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GM Turns Up the Horsepower With U.S. Powertrain Development Center

Source: www.Edmunds.com/insideline

PONTIAC, Michigan — The Chevrolet Volt and all manner of new-age vehicles will get to your driveway a little sooner thanks in part to the all-new Powertrain Engineering Development Center that General Motors Corporation has inaugurated in this suburb near GM's headquarters in Detroit.

The first big benefit from this vast 450,000-square-foot facility, said GM, is the ability to chop about 10 weeks out of the time it takes to get a powertrain (traditionally, the engine and transmission) ready for a production vehicle. And that's only the beginning.

The new powertrain engineering facility here will be the template, GM said, for 11 powertrain development labs around the globe. In these advanced new labs, GM will be able to more quickly and efficiently develop and test everything from today's gasoline engines to diesels, hybrids and the so-called "range-extending" electric vehicle powertrains used by, at first, the 2010 Chevrolet Volt.

We saw all manner of cool and unique processes at work that enable GM to test as many as 120 engines, transmissions or hybrid/electric drive systems at one time in specially constructed dynamometers that can measure or test the most intricate operating parameters. Particularly innovative is a refrigerator-like box constructed to enclose the entire powertrain, enabling engineers to quickly heat or cool the engine to simulate Africa-like heat or Arctic subzero temperatures — a serious improvement over the old method of heating or cooling the entire dyno room to such extreme temperatures.

GM engineers — with a big assist from powertrain development specialist AVL List GmbH — adopted a unique new process to speed the changeover from one engine to another within each dynamometer, prepping each engine or powertrain system "offline" on a special transport pallet that rides on a cushion of air, just like a hovercraft. The pallet delivers the engine directly into the dyno, where a minimal amount of extra setup is required to have the engine ready for testing — cutting the time normally required for this kind of stuff from upwards of 24 hours to as little as 20 minutes.

And instead of weeks and months of grueling road testing, computer-aided engineering processes GM dubs "road-to-lab-to-math" drastically reduce time-consuming and expensive road testing to computer-modeled simulations that will improve the durability and reliability of the power plant in your vehicle. And GM says the increased input from computer-modeling development already will save about $200 million this year.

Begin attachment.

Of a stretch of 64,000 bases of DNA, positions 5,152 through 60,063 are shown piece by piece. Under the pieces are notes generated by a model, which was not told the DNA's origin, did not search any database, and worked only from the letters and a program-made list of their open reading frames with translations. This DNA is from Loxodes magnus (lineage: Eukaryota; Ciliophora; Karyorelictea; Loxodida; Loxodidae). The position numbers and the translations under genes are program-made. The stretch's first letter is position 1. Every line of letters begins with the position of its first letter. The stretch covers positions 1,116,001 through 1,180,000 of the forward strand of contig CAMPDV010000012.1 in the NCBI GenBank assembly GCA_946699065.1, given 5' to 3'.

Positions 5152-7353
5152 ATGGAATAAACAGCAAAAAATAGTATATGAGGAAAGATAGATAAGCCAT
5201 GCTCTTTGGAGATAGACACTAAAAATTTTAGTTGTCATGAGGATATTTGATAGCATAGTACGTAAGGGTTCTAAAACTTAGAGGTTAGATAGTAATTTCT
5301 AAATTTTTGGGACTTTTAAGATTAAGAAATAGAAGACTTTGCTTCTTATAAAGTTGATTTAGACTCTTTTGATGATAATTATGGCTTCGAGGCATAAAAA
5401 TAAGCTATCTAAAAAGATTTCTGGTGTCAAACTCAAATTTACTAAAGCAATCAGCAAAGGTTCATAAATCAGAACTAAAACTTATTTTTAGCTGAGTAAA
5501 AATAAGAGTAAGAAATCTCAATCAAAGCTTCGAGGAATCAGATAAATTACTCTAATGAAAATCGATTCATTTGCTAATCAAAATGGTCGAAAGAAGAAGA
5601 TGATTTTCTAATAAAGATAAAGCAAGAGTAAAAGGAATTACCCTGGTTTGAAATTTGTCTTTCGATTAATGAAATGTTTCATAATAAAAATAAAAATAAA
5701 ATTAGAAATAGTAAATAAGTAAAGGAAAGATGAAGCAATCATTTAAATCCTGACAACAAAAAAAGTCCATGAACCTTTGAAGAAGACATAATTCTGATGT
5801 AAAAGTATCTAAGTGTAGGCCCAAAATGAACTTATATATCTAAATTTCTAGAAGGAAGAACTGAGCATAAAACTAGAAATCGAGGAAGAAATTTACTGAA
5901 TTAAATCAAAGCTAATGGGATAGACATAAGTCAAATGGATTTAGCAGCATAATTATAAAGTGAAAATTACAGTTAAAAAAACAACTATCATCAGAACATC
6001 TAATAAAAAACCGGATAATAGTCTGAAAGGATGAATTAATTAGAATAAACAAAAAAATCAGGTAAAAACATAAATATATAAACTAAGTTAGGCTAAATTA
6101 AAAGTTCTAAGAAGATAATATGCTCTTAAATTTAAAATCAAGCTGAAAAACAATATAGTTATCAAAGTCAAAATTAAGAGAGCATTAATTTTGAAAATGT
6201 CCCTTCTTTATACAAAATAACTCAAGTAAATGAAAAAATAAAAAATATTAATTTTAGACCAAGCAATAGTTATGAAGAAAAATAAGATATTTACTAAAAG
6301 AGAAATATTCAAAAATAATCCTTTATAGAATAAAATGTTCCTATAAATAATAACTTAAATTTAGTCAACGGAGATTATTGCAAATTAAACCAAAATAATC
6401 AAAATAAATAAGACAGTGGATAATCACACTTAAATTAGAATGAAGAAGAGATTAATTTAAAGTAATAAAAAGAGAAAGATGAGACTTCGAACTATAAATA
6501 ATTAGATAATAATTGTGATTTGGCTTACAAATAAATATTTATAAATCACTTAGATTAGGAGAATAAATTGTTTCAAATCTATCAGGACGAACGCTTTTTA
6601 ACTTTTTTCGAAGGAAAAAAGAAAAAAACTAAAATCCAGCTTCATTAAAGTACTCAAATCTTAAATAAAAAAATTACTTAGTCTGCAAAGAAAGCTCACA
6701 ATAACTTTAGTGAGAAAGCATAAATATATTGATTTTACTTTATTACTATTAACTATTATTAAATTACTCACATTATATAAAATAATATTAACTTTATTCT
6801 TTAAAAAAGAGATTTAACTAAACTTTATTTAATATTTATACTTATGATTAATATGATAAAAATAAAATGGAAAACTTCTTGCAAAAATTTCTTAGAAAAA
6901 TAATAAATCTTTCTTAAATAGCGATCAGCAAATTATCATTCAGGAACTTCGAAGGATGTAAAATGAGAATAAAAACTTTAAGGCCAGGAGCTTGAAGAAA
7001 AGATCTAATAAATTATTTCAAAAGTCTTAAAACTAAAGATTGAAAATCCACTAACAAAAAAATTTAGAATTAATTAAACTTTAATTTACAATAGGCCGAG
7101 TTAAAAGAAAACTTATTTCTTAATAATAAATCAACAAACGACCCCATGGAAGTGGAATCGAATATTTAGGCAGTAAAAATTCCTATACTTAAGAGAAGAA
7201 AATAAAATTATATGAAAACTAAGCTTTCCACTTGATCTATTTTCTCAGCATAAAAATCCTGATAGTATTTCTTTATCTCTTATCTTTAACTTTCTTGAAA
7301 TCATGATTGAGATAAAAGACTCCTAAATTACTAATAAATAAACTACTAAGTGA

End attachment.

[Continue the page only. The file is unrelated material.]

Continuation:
What this means to you: Some of the processes and procedures at work at GM's new Powertrain Engineering Development Center may set a new world standard. In the meantime, it means the advanced new stuff will get to you even quicker. — Bill Visnic, senior editor, Edmunds AutoObserver

http://www.edmunds.com/insideline/do/News/articleId=129977
 

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I think that this is a very good thing for GM and it would be even smarter to link all 11 of these labs together so that they can get data compiled by one lab so that they wont have to do the same testing.
 

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All these powertrain development labs and we still can't get a fuel efficient engine out in a reasonable time frame... we can't get a high tech DOHC V8... And we can't get a quiet, refined engine across the board.

I mean really GM... quit managing by PR release!!
 

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All these powertrain development labs and we still can't get a fuel efficient engine out in a reasonable time frame... we can't get a high tech DOHC V8... And we can't get a quiet, refined engine across the board.

I mean really GM... quit managing by PR release!!
Did not General Motors have two engines named to the latest Ward's AutoWorld top ten engine list, more than any other manufacturer? Over the years General Motors has had many engines named to this list. Mgescuro, your comments are way too negative. This article was on how General Motors is reengineering its powertrain development process to decrease time, expense, and improve quality. General Motors' recent powertrains have been excellent and they are improving the development process to get better. Are you so critical of the endless Toyota "news" articles promoted by Toyota's PR department? Maybe you should scrutinize those Toyota fluff pieces for a change and stop being hyper-critcal of General Motors.
 

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They had one ready, and a really good one from all indications, but just decided not to build it due to CAFE.